...celebrating 31 years!



 Suzanne Vargus Holloman


 Doug Harris

 What’s the best way to deal with family grief during the reunion? We’ve had several deaths in our family recently and our planning team would like to do something during the upcoming reunion to not just honor our deceased, but to help those who are grieving. Do you have any suggestions for what we could do? 



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Reactions to death and grief are true and natural. At a deep level we all need to understand and accept that we all have experienced the death of someone we cared about, and most of all—we all will die. Whether we heal from the loss of a loved one or become lost in a place of despair or hopelessness is, in part, determined by seeing and knowing how our family grieves.

A first Path to healing is talking, of which there is almost never too much. Talking about the person, how the family felt about them, describing feelings, thoughts and pain; sharing experiences with each other whether or not family members are feeling the same things.

A second Path is to set up a small quiet room, if possible, with flowers, music, with books on grief, which family members can visit when they feel the need. Include pretty notepaper on which people can write thoughts and messages and possibly leave for others to read. Make a scrapbook which can become part of the family history and wisdom. The objective is to encourage the family to go through grief, not avoid it, recognizing and sharing their feelings.

A third Path is memorializing the person by telling memorable stories, problems they faced, achievements and accomplishments, and whatever family members feel is important. Include information about the person’s hobbies, art, music, volunteering, recipes, music, and poems she or he enjoyed. Ask family members about ways to memorialize the person. (This can also become a way to recognize people while they are alive.)

A fourth Path is the inclusion of a dedication (not a funeral) in any church or religious service the family may attend during the Family Reunion. It is important for this to be short. Family reunions are to celebrate the life and history of the family and each person’s contribution to it. Therefore it may be wise to include children on these Paths. Parental discretion of course!

Lastly, a small committee can be established to plan and expand this program so that no opportunity or person is missed.


Suggested books by people experiencing grief (all available on Amazon.com)
- Bozarth, All Renee.  A Journey through Grief. Center City, MN: Hazelden Publishing, 1990.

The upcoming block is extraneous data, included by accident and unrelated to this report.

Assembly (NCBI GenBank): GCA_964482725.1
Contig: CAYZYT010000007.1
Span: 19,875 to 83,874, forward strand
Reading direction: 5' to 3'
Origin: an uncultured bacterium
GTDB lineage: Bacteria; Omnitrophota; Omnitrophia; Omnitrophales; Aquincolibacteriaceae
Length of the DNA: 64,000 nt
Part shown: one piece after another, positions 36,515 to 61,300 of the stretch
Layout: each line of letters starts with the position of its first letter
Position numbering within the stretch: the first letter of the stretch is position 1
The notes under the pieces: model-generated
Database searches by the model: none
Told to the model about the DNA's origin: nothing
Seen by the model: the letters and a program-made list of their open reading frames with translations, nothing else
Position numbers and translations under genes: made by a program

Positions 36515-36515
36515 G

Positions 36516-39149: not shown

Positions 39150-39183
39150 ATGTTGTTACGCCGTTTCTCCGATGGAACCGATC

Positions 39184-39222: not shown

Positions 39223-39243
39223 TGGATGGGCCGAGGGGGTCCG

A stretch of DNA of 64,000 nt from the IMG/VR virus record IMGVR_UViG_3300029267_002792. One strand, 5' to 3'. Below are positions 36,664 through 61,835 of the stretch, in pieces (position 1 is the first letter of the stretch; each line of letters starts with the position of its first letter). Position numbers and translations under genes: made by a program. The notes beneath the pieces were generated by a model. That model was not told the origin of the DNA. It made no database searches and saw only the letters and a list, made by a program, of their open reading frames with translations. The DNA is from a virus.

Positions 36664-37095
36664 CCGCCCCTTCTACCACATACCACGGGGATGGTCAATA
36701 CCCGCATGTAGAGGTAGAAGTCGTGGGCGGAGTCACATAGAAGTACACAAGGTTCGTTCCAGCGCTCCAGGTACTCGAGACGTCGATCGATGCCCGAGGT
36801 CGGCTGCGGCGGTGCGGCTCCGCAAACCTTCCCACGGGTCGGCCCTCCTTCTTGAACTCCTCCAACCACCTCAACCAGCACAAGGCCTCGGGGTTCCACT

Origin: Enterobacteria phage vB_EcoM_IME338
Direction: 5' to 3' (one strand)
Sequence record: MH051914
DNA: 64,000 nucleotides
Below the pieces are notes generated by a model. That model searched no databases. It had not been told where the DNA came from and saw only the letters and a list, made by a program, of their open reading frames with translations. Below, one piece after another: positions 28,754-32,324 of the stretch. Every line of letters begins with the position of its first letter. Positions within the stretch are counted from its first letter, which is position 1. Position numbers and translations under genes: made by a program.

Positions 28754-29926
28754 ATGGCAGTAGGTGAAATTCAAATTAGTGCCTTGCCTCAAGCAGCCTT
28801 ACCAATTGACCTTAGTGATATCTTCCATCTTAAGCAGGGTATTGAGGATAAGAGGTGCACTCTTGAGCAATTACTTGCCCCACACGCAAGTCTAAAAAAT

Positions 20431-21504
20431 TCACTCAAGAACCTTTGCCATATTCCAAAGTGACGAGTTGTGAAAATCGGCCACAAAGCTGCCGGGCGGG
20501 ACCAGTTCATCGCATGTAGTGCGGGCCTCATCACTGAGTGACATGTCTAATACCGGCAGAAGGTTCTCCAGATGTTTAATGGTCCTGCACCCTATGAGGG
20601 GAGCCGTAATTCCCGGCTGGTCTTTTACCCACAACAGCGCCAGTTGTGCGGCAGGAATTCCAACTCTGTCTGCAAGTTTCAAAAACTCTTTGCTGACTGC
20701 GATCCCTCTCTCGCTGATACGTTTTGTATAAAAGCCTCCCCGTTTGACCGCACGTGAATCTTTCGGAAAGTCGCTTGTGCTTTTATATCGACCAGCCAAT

- Claypool, J.R. Tracks of a Fellow Struggler, Living and Growing Through Grief. (loss of a child). New Orleans,LA: Insight Press.1995.
- Curry, Cathleen, L. When Your Spouse Dies. Notre Dame, IN: Ave Maria Press, 1990

Copyright 2014-2018 Family Reunion Institute. All rights reserved.

Anita Pernell-ArnoldMSSW, ACSW, CPRP retired, Founding Fellow PRA
Author of “Paths Through Despair to Gratitude and Faith”
Access to the book is:Amazon.com www.createspace.com/4748691

It almost goes without saying that a memoriam of some sort would be appropriate, whether a moment of silence or time set aside for people to speak about their memories of the deceased. On the other hand, helping those who are grieving can take many more forms. It not only depends on the individual personalities of those who are grieving, but also on the stage of grief they are in. In the process of helping, all have to understand that you never try to tell a person how they should grieve or how they should feel. I suggest reunion planners contact anyone who is grieving before the reunion to see:

1. Whether they plan to attend;
2. If so, who they will be traveling with;
3. Whether they wish to speak before the moment of silence, or make remarks during the memoriam;
4. Whether they will be ready to hear personal condolences from family during the reunion, or prefer that everyone restrain from offering condolences until they are in a place to receive them. If restraint is preferred, be sure to announce this preference to the family before the reunion, preferably by email or Facebook.
5. If there is someone they would particularly like to reach out to during the reunion, then facilitate that request.
6. If there is someone in the family who is a faith leader or grief counselor, check to see if they are coming to the reunion and would be willing to meet privately during the reunion to process/work through grief issues, and if not, would they be willing to speak with the grieving family member(s) via telephone or email.

The bottom line is try to be helpful without being intrusive, and remember that grieving people remember your presence more than what you say.


Doug Harris is author of The Marvel Chronicles, a memoir of his mother's life, and Raised by Giants: Growing Up Colored, Negro, Black in Burlington, NJ Back in the Day.

Doug's response is very comprehensive!  One other possibility is that since there are several family members that have recently lost loved ones, consider a group session for those who are grieving. It could be led by a family member who is a faith leader or counselor. The group session could be at a time when there isn't a formal activity. Of course, the session would be optional. It could be open to anyone that would like to participate.  There may be family members that would like to participate even if their loved one passed several years ago.